Each day as a school-based physical therapist is unique. Specific IEPs require that you create a specific plan for each student. Changing educational challenges and opportunities for extracurricular activities give you an opportunity to apply creative problem-solving and critical thinking skills in order to find solutions.
Daily job duties of a school physical therapist
Though the exact duties can vary significantly from school to school and role to role, some common responsibilities of a school physical therapist include:
- Identifying physical impairments/delays for each student.
- Developing a treatment plan that helps develop motor skills, posture, movement and mobility, sensorimotor processing, and use of assistive devices.
- Monitoring, evaluating and preparing reports on student function and progress, and maintaining a variety of records.
- Participating in meetings as member student’s support and education team and collaborating over the school year.
- Helping develop the IEP or 504 plan for each student.
- Providing direct and indirect physical therapy in the school.
- Coaching and advising teachers, parents and paraprofessionals in understanding the IEP, 504, specific techniques and available equipment.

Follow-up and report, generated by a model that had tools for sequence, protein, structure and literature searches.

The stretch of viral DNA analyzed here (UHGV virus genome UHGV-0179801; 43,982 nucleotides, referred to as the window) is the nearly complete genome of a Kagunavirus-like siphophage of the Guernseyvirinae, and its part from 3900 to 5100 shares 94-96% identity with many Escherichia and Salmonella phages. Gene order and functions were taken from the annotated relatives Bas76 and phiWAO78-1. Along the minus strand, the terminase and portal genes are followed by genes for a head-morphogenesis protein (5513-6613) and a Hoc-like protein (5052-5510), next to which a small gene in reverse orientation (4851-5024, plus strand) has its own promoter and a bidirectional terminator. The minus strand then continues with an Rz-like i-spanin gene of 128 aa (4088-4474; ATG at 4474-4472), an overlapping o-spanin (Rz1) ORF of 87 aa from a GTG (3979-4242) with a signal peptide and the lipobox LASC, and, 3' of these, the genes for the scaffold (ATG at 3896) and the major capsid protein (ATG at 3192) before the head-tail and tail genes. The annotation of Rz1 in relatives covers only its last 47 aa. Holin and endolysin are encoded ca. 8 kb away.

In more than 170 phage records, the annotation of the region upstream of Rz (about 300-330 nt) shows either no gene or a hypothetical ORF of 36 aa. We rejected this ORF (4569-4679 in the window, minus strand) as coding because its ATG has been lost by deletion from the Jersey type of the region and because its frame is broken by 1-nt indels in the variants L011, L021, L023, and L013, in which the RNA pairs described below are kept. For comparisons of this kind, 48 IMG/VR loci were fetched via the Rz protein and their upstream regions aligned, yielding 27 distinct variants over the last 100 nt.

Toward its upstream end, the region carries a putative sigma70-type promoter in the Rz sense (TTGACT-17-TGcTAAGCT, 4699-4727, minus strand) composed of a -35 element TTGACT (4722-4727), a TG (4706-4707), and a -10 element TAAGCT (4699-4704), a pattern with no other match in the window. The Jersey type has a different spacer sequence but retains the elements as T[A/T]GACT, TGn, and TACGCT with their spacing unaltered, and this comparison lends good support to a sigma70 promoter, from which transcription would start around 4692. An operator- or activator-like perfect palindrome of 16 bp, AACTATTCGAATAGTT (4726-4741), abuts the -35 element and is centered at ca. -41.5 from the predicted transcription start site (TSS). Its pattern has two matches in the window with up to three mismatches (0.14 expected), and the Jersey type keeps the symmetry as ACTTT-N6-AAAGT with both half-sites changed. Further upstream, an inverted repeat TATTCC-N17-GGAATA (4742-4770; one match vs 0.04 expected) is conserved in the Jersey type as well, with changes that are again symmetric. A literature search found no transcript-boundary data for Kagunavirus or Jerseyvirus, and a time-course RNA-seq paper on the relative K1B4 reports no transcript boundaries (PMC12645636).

- Lifting, transferring and positioning children and equipment as necessary.
Do physical therapists have high caseloads?
Caseloads for school-based physical therapists vary greatly, meaning it’s difficult to state what an “average” workload entails. Usually, you will keep the same caseload for the entire academic year. As you learn what therapy techniques work with each student, caseloads may become even easier to manage.
What physical therapy paperwork is required of school-based PTs?
As a physical therapist, paperwork and documentation is inherently a part of the job. Hospitals and other facilities often require just as much documentation and paperwork as a school. This practice often aligns with a student’s IEP.
In general, school physical therapists document each session with the student and share it with parents, teachers and administrators. Specific documentation practices, including recording platforms, may vary based on the state and specific school you are working in.
If the role of school physical therapist sounds like it might be a fit for you, searching through school physical therapy jobs
can give you an idea of what is available. Related roles can be found among school occupational therapy jobs
Search School-Based Therapy Jobs